- 1 [with object] Make available for use; supply: these clubs provide a much appreciated service for this areaMore example sentences
- Our aim was to raise awareness of the benefits and support available to those who provide unpaid care.
- Members of the Ladies Club provided a wonderful service throughout the day with refreshments available at all times.
- The group is active in repairing schools and providing educational supplies.
- 1.1 (provide someone with) Equip or supply someone with (something useful or necessary): we were provided with a map of the areaMore example sentences
- The Commissioner identified the reasons for fixing the airport charges and that included providing Dublin with the necessary resources to develop its infrastructure so as to avoid congestion and bottlenecks.
- A submarine fleet is still essential in providing Canada with the necessary means to defend the world's longest coastline.
- It was her role as a graduate trainee at Reuters, the first female to be taken on in this post, that provided Anne with the discipline necessary for writing a book.
- 1.2Present or yield (something useful): neither will provide answers to these problemsMore example sentences
- Conference speakers also provided some useful ideas for dealing with the agreement-making process.
- According to Cameron, Sun Mircosystems provided a useful point of reference in the area of industry partnerships.
- According to Paul Neville the inquiry into regional radio provides a useful model.
- 2 [no object] (provide for) Make adequate preparation for (a possible event): new qualifications must provide for changes in technologyMore example sentences
prepare, allow, make provision, be prepared, arrange, get ready, plan, cater
- The plan for the huge event provides for 25 miles of electric cable and a 50,000 gallon water supply.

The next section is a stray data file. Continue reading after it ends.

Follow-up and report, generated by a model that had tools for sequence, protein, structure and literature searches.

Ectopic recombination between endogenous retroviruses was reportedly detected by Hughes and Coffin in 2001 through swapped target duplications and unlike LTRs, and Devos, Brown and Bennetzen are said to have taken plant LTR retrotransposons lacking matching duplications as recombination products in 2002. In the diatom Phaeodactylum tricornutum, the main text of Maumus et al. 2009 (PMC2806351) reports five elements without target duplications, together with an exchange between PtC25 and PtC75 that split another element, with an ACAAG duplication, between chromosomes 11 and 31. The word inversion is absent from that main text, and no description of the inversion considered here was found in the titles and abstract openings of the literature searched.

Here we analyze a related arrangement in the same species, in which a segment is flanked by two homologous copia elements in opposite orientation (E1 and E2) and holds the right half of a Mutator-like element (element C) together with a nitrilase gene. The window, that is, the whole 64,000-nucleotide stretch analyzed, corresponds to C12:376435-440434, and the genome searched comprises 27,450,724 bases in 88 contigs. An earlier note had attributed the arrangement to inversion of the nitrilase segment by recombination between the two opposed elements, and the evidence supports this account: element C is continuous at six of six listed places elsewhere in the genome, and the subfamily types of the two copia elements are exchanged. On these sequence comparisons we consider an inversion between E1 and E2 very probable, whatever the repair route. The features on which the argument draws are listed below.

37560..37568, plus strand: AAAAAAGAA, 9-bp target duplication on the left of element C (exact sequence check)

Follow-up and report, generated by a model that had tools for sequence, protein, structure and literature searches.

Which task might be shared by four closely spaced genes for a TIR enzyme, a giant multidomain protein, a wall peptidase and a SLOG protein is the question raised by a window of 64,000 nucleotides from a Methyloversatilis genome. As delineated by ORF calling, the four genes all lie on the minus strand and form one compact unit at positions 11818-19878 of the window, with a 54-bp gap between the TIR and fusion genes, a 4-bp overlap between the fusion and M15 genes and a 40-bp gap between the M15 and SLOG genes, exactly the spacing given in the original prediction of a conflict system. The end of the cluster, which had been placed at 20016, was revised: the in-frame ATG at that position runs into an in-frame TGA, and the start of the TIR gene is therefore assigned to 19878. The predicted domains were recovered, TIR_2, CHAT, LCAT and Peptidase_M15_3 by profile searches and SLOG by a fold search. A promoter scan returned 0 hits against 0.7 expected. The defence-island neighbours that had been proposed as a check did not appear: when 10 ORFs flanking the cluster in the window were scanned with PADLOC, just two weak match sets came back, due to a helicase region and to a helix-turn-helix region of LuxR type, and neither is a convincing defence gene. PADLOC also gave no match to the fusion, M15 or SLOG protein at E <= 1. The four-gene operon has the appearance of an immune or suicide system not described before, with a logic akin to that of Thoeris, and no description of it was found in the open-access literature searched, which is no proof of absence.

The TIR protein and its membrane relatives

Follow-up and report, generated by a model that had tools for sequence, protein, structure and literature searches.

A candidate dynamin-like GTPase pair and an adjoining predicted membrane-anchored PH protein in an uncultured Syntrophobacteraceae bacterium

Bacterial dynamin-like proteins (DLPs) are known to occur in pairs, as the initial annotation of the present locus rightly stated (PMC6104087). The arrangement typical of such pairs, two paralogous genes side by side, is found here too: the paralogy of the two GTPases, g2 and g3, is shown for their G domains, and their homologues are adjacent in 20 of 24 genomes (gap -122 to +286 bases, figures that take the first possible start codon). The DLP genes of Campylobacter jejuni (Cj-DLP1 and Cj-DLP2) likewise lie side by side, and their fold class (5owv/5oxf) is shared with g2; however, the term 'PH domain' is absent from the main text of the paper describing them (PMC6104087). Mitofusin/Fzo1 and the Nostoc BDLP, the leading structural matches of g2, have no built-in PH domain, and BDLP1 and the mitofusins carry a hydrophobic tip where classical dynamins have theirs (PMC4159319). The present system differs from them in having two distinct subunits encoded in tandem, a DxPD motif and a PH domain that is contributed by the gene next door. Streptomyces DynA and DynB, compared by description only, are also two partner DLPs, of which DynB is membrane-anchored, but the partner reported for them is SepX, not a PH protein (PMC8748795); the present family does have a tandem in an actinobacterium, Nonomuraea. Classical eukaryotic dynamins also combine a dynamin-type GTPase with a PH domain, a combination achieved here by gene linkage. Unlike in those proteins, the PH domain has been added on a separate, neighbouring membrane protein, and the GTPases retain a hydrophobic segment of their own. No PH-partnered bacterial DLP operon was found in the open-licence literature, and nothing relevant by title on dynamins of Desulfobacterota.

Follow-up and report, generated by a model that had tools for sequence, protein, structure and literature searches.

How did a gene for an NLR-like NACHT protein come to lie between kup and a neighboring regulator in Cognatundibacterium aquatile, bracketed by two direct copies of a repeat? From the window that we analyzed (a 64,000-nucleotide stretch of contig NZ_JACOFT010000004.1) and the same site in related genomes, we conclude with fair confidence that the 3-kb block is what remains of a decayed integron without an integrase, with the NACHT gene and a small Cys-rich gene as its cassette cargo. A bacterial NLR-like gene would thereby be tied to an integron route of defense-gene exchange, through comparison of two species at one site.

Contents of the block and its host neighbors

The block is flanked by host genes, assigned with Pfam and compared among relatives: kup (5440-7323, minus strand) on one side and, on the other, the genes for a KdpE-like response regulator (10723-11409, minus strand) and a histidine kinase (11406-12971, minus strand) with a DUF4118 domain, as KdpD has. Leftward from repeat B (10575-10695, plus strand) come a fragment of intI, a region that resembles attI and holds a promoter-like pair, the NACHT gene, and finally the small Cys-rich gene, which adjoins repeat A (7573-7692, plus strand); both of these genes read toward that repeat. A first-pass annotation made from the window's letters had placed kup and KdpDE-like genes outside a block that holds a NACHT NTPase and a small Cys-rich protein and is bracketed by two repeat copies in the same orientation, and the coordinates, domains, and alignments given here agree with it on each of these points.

- So we are preparing and providing for the kind of investment into the modernization needs of the country and readiness needs of the country.
- The plan provides for a framework for the management of acid sulfate soils.
- 2.1Supply sufficient money to ensure the maintenance of (someone): Emma was handsomely provided for in Frank’s willMore example sentences
- Its main aim was to ensure pension provision was provided for employees.
- To me, I am pro-life because I respect the fact that a child should only be brought in to a world where it can be looked after and provided for sufficiently.
- Host families meet the costs of providing for the children during their Irish stay.
- 2.2(Of a law) enable or allow (something to be done).More example sentences
- Many States, particularly under the pressure arising from the conclusion of treaties setting out international crimes, have passed legislation providing for jurisdiction based on nationality.
- The law of defamation provides for the defences of fair comment and of qualified privilege in appropriate cases.
- Did the Crown act arbitrarily by bringing this matter directly before a Provincial Court Judge in the total absence of a statutory enactment which allows or provides for such a practice?
- 3 [with clause] Stipulate in a will or other legal document: the order should be varied to provide that there would be no contact with the fatherMore example sentences
- The mortgage provides that the mortgagor shall pay all municipal taxes as they fall due.
- It provides that it is unlawful for a public authority to act in a way which is incompatible with a Convention right.
- This material plainly has to reach the expert and the clause provides that it should do so within a specific time limit.
- 4 (provide someone to) Christian Church , • historical Appoint an incumbent to (a benefice).More example sentences
- Sometime after April 18, 1378, he was provided to the bishopric by Urban, and consecrated before March 26, 1379.
- Laing was Rector of Tannadice in Angus, Vicar of Linlithgow, and Rector of Newlands in the diocese of Glasgow when he was provided to the See of Glasgow.
late Middle English (also in the sense 'prepare to do, get ready'): from Latin providere 'foresee, attend to', from pro- 'before' + videre 'to see'.